As she points out, “The quickest way to wrap your arms around Seville is by tasting her traditional foods.”

Iberian Adventure: I'm not a Barber, but I am in Seville | ©thepalladiantraveler.com
So, this being mid-to-late afternoon, we go native and pull up chairs under the large canopies of Restaurante El 3 de Oro‘s calenteria along the Antigua Calle del Ritiro for a classic merienda (snack).

We’re here to savor churros — deep-fried, loop-shaped, sugar-coated fluted dough — dipped into cups of doubly-thick hot chocolate. Mmmmm.

Iberian Adventure: I'm not a Barber, but I am in Seville | ©thepalladiantraveler.comCalorie laden with a pretty good sugar buzz, we grip our DSLRs, point-and-shoots, smartphones, even a lone iPad, as Lidia guides us through the winding, narrow streets and alleyways of the Barrio de Santa Cruz, the former Jewish quarter tucked away inside this city of 700,000.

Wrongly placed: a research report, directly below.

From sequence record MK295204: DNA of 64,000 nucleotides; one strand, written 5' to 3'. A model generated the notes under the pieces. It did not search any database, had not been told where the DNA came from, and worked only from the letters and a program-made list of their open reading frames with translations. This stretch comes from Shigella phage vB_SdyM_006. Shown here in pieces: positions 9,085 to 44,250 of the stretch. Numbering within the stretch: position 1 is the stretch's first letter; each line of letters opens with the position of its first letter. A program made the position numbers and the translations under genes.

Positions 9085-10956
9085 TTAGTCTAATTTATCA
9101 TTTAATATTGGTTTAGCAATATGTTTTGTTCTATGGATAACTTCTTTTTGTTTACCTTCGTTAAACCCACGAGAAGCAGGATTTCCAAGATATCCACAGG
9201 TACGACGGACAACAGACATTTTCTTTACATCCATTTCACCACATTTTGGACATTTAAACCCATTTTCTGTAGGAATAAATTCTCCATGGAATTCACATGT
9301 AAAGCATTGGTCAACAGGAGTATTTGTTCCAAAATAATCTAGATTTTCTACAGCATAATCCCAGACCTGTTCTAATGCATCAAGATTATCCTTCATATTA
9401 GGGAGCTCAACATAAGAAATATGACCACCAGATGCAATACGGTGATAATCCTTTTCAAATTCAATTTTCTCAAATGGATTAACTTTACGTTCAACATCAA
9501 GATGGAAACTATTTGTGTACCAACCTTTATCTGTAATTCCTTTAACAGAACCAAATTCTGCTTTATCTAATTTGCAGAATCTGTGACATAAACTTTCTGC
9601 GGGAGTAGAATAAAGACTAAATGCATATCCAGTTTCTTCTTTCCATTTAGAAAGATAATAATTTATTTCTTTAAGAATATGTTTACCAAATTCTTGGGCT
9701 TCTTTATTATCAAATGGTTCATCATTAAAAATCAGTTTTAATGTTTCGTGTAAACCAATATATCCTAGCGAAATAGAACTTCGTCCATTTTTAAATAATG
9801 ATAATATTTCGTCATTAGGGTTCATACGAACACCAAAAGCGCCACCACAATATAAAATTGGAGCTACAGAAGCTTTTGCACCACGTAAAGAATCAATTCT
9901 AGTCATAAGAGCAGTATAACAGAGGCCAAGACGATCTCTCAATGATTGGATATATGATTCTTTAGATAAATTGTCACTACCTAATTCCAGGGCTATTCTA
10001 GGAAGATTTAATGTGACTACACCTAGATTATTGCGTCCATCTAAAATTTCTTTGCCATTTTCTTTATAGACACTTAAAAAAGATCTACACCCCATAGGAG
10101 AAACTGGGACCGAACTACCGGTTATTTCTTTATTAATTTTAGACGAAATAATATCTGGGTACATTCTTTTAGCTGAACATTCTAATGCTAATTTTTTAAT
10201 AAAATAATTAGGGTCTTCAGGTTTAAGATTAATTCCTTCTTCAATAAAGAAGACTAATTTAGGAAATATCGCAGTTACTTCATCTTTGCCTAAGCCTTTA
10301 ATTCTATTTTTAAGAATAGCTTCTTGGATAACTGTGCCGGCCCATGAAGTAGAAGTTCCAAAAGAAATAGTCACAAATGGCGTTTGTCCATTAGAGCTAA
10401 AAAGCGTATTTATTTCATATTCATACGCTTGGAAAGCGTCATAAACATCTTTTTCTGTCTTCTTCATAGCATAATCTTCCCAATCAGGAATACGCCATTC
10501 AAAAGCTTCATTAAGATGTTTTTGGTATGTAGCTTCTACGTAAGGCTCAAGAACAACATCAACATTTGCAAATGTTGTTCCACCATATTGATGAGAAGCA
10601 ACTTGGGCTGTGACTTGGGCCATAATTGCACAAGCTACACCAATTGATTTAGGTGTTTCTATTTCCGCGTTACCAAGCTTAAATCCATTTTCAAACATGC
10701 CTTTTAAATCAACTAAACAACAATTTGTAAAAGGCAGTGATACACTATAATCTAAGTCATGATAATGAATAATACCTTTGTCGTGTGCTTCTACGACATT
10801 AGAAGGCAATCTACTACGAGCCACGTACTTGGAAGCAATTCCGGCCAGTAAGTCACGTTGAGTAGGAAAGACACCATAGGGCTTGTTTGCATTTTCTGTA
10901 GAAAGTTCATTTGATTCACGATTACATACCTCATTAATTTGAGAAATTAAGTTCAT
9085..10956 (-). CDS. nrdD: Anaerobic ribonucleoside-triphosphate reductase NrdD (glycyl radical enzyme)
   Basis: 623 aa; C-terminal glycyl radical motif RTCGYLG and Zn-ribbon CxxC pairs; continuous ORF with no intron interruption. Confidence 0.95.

With 11 calle and 11 plazas dotting this historic neighborhood, there’s loads of atmosphere to capture and plenty of elbow room for everyone to frame their shots. Or is there?

Iberian Adventure: I'm not a Barber, but I am in Seville | ©thepalladiantraveler.com

Lens caps off, you go that-a-way and I’ll go this-a-way.

Iberian Adventure: I'm not a Barber, but I am in Seville | ©thepalladiantraveler.comHome to some of Seville’s oldest churches, Barrio de Santa Cruz includes the Cathedral of Saint Mary of the See, or simply Seville Cathedral, the largest Gothic cathedral in the world and the third largest church on the entire planet.

Built on the site of the former Almohad Mosque, who’s minaret is now the converted La Giralda bell tower, the cathedral is the final resting place of Christopher Columbus and is recognized by UNESCO as a World Heritage Site.